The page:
AUGUSTA — A grand open house for the Capital Judicial Center has been postponed from its original May 1 date. It is now set for 2:30 p.m. Sept. 18.

“It is being delayed due to the schedules of many elected officials, some of whom will be occupied with other business on the first,” said Mary Ann Lynch, spokeswoman for the Maine court system.

The 120,000-square-foot, four-story, glass-and-granite facade building, which houses the functions of Unified Criminal Docket, Augusta District Court, Kennebec County Superior Court and family court and holds six separate courtrooms of varying sizes, opened for business on March 2.

Since then, members of the public and those involved in court cases have walked through the building, admiring the view of the Kennebec River and downtown Augusta as well as the art stationed throughout the building.

“Hopefully the grand opening will coincide with the Supreme Court holding session in the refurbished courtroom in the old courthouse,” said Joseph Jabar, an associate justice on the Maine Supreme Judicial Court. Jabar served as the liaison for the Maine Judicial Branch and chairman of the courthouse committee. He is one of seven judges who have their chambers in the Capital Judicial Center.

“The building has been fantastic,” Jabar said Saturday via email. “We’ve had a few items to deal with, but overall the punch list has not interfered with the functioning of the courts. The judges are very happy with courtrooms, the technology and the flow of the courthouse. We’ve had several jury trials, and the juries appear to be comfortable in the new courtrooms and jury deliberation rooms. The attorneys love the numerous conference rooms where they can meet with their clients, something that was not available in the old courtrooms.”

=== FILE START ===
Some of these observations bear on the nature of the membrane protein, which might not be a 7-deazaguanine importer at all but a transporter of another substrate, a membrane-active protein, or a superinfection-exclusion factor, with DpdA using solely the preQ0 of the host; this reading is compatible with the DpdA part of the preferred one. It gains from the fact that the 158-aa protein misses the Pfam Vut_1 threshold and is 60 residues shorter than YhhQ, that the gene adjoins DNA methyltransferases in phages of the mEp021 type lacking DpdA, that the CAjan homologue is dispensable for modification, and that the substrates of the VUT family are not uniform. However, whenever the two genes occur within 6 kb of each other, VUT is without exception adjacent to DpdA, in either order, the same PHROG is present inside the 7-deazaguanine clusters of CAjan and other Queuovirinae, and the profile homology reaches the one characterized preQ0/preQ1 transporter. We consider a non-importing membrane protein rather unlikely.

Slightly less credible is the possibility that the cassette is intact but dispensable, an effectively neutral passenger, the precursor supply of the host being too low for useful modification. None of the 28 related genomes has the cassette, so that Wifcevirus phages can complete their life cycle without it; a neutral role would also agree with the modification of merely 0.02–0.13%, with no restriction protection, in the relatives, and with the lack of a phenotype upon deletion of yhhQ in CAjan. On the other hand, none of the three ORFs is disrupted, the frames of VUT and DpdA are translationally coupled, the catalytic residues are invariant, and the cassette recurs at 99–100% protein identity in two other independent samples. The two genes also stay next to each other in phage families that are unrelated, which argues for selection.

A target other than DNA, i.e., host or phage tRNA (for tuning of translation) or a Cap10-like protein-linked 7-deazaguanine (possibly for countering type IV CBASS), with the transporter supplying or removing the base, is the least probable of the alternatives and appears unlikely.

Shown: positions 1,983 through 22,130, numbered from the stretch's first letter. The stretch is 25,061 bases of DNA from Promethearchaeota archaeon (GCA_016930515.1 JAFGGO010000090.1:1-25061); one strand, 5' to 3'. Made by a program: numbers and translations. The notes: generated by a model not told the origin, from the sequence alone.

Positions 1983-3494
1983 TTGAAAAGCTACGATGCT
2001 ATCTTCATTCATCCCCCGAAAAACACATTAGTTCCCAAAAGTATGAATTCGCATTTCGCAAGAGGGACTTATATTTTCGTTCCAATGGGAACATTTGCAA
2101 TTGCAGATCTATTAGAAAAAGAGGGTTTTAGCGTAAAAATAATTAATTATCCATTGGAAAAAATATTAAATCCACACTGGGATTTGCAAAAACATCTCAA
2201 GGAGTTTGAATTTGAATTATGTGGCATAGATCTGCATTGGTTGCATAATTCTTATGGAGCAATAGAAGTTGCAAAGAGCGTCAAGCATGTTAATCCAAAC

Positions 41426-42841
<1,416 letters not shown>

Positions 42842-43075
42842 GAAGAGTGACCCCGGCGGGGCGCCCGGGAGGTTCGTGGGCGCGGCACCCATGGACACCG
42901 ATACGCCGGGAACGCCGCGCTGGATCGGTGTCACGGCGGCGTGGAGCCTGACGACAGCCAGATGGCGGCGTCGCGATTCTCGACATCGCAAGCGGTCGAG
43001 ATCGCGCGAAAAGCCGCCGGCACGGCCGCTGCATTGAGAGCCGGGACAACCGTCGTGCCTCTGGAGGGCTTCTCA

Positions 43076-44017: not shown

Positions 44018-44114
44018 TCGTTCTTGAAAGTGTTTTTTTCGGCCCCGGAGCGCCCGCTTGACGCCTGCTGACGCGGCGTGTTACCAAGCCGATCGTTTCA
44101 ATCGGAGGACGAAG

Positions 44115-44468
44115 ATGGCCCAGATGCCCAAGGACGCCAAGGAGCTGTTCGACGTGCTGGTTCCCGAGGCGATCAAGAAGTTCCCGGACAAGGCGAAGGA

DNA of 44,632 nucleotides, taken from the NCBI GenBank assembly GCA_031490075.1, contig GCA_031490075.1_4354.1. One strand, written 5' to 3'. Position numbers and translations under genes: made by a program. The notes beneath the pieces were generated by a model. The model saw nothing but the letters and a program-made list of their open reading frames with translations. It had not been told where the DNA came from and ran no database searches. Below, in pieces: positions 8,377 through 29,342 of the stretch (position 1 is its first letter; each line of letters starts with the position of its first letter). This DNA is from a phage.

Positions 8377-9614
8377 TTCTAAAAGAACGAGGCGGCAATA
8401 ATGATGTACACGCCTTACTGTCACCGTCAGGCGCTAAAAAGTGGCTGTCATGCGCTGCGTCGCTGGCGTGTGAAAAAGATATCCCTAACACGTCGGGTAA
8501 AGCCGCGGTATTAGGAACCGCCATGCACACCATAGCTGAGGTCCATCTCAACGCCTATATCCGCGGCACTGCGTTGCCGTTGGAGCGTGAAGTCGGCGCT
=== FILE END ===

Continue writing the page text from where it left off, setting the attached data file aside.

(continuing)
Chief Justice Leigh Saufley originally invited the public to view the Capital Judicial Center on May 1 when she addressed the Legislature earlier this year. However, the building is still getting some finishing touches.

A long wooden bench was installed early last week under the large windows on the east side of the first floor. It provides seating for people waiting for documents from the nearby clerk’s windows.

Outside the building, workers have been installing new handrails on granite steps between a discontinued section of Perham Street and the new building.

Parts of the $57 million new courthouse project are still underway. Earth-moving equipment is grading an adjacent area that will be a 92-slot public parking area. Once the area is prepared, the paving will be done.

Currently visitors to the new courthouse park in numbered spaces on two terraced levels. Eventually that area will be reserved for people who work in the Capital Judicial Center.

Next door, the rehabilitation of the historic Kennebec County Courthouse continues. Part of the project will give public access from the newer building to a large, ornate courtroom on the second floor of the older building.

The two buildings are currently linked by a glassed-in bridge that allows pedestrians to cross the former Perham Street between the two buildings, but it is generally closed pending completion of the entire project.

“I would say overall the Capital Judicial Center has been a huge success,” Jabar said. “I look forward to having the new parking lot completed and the beautiful old courtroom restored.”

Kennebec County Administrator Robert Devlin said Friday that a crane is expected to lift the steel for the second walkway into place early this week. In the meantime, the lawn in front of the Probate Court wing of the county courthouse is torn up and fenced off, with the temporary fencing extending into a lane of Court Street. Plywood blocks off some windows of the second floor of the older building where the restitution clerks on the district attorney’s staff had their offices.

Both projects are expected to be completed by the end of the summer.

Betty Adams — 621-5631

[email protected]

Twitter: @betadams

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